Unless Smith quickly seizes control, Michigan will continue to struggle running the ball — something that it’s gotten used to doing over the past few years.

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Left Side Issues

Quarterback Wilton Speight has taken a beating during the past two weeks. Also note the trouble with establishing the ground game.

Guys up front need to perform better, plain and simple. The left side has been on the wrong side, giving up sacks and allowing early contact with running backs. Sophomore left tackle Grant Newsome and true freshman left guard Ben Bredeson have incredibly high ceilings, but they noticeably struggled this past weekend against Colorado.

That doesn’t mean that fifth-year seniors Erik Magnuson, the right tackle, and Kyle Kalis, the right guard, have been perfect throughout the past three games. On Monday, Magnuson reported that he hadn’t given up a sack all year — but he didn’t address his team’s ability to run the ball. He’s the best pass-protector, but he also needs to “play big” in all phases.

Early, very-much-correctable stuff. But stuff that needs to be addressed, nonetheless.

Secondary Needs Jourdan Lewis

This past Saturday, Buffaloes quarterback Sefo Liufau picked apart Wolverines safeties and cornerbacks for 246 yards and three touchdowns. Completing 16 of 25 passes, Liufau knew exactly where, when and how to throw ball versus a Jourdan Lewis-less secondary.

Lewis remains sidelined with a lower-back issue. No real return date has been set; however, Harbaugh continues to monitor Lewis’ progress on a daily basis.

Don’t think for one second that the Buffaloes would have tested Lewis the same way they tested Jeremy Clark and Channing Stribling. The absence of Lewis — who may or not be available this Saturday versus Penn State — basically invites quarterbacks to amp-up their levels of bravery.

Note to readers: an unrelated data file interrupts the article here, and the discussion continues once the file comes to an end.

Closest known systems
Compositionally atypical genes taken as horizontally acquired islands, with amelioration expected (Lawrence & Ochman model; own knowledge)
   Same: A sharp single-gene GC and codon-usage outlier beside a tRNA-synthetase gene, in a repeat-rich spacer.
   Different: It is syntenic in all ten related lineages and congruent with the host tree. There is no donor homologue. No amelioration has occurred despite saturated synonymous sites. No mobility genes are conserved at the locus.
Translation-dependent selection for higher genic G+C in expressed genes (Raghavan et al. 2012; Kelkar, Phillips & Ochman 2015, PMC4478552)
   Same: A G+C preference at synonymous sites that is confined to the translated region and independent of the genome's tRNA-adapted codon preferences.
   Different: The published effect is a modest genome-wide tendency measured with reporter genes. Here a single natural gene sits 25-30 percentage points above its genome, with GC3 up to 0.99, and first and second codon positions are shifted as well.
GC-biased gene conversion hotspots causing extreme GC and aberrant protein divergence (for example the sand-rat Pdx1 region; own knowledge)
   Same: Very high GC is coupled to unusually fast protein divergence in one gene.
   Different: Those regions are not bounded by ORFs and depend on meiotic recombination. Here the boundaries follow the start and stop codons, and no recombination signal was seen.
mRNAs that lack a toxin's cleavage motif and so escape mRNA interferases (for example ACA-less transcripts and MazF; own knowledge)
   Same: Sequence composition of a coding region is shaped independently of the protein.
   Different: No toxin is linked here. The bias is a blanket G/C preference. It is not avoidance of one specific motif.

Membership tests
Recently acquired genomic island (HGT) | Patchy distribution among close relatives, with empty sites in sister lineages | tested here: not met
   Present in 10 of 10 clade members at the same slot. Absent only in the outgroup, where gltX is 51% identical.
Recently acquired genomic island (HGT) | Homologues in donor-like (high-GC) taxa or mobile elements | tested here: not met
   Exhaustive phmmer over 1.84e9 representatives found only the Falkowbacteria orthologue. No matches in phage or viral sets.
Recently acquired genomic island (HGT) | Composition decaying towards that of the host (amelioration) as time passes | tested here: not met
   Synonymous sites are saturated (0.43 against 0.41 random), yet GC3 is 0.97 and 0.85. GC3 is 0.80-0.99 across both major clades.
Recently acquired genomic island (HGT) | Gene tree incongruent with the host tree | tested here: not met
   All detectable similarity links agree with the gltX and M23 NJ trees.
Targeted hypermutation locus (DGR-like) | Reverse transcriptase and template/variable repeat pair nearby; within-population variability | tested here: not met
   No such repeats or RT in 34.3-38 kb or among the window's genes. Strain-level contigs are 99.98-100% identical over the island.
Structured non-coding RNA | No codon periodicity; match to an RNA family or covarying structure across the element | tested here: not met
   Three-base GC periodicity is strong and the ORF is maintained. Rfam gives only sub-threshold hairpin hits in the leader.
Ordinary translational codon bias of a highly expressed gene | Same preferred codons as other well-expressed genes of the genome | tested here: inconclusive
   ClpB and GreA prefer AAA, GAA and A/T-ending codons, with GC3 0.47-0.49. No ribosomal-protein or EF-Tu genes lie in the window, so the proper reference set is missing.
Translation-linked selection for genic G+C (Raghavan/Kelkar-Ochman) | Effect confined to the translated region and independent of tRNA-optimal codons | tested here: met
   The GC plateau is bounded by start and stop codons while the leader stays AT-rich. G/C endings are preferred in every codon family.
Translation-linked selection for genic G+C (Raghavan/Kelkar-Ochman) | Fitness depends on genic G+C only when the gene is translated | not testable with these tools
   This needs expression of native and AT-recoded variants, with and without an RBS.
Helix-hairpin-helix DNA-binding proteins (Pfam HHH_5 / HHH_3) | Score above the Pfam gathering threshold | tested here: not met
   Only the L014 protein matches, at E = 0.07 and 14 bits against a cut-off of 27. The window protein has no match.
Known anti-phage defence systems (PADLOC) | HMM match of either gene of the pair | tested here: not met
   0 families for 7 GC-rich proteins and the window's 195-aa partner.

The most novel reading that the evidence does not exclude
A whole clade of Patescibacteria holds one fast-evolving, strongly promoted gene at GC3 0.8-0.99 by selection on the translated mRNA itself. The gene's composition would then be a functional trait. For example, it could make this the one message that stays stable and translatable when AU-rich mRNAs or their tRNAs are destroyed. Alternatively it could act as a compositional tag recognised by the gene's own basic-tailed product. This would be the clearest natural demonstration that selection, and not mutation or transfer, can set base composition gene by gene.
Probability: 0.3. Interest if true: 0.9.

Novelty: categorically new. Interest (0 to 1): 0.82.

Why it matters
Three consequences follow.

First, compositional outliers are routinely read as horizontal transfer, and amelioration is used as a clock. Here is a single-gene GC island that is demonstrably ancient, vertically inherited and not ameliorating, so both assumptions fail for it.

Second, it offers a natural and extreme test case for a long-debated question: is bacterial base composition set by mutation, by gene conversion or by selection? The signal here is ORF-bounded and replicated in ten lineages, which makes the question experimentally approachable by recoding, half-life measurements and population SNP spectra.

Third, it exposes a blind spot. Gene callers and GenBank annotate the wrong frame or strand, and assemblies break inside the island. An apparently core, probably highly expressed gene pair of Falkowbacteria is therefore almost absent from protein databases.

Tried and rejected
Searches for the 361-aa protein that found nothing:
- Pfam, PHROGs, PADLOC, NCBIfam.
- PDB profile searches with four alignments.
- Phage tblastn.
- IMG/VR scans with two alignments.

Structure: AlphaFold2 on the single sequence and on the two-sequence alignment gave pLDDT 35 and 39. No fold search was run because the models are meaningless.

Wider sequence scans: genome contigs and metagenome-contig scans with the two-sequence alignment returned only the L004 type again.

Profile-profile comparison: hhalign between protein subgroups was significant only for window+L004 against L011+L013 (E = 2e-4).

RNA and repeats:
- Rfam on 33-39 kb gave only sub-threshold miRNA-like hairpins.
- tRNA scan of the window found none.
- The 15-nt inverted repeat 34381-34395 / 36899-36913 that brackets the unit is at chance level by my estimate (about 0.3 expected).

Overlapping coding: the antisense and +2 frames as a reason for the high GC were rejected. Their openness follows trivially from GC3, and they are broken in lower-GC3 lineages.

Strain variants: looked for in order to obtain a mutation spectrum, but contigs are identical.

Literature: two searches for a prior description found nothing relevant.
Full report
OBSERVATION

Liufau found his, tuning up Michigan for three 37-yard-plus passes — the 37-yarder was a touchdown to Devin Ross during the opening drive. Bobo Bryce notched a 50-yard catch. Shay Fields made Michigan pay with a 70-yard touchdown.

They had chemistry on Saturday, said Stribling, who diagnosed the ins-and-outs of his secondary’s performance versus the Buffaloes.

“Just knowing who’s deep, who’s not — playing technique,” Stribling said. “In the game, you’ve got to play your technique every time. You miss technique, somebody faster than you, stronger than you, will outplay you.”

Safeties Delano Hill and Dymonte Thomas missed tackles, coverage and appeared to be out of place versus the Buffaloes, who, oddly enough, flexed their Wolverines-like secondary in Ann Arbor, nearly picking off Speight four or five times.

“They were good. Their secondary was good, too,” Stribling said. “I’m not going to say better than ours (laughs)… it was a good secondary. They all looked like they knew what they were doing. They focused up. And they wanted to come in and beat us — they were a good team.”

Follow Adam Biggers of Today’s U on Twitter @AdamBiggers81

Despite No. 4 ranking, Michigan has serious issues to address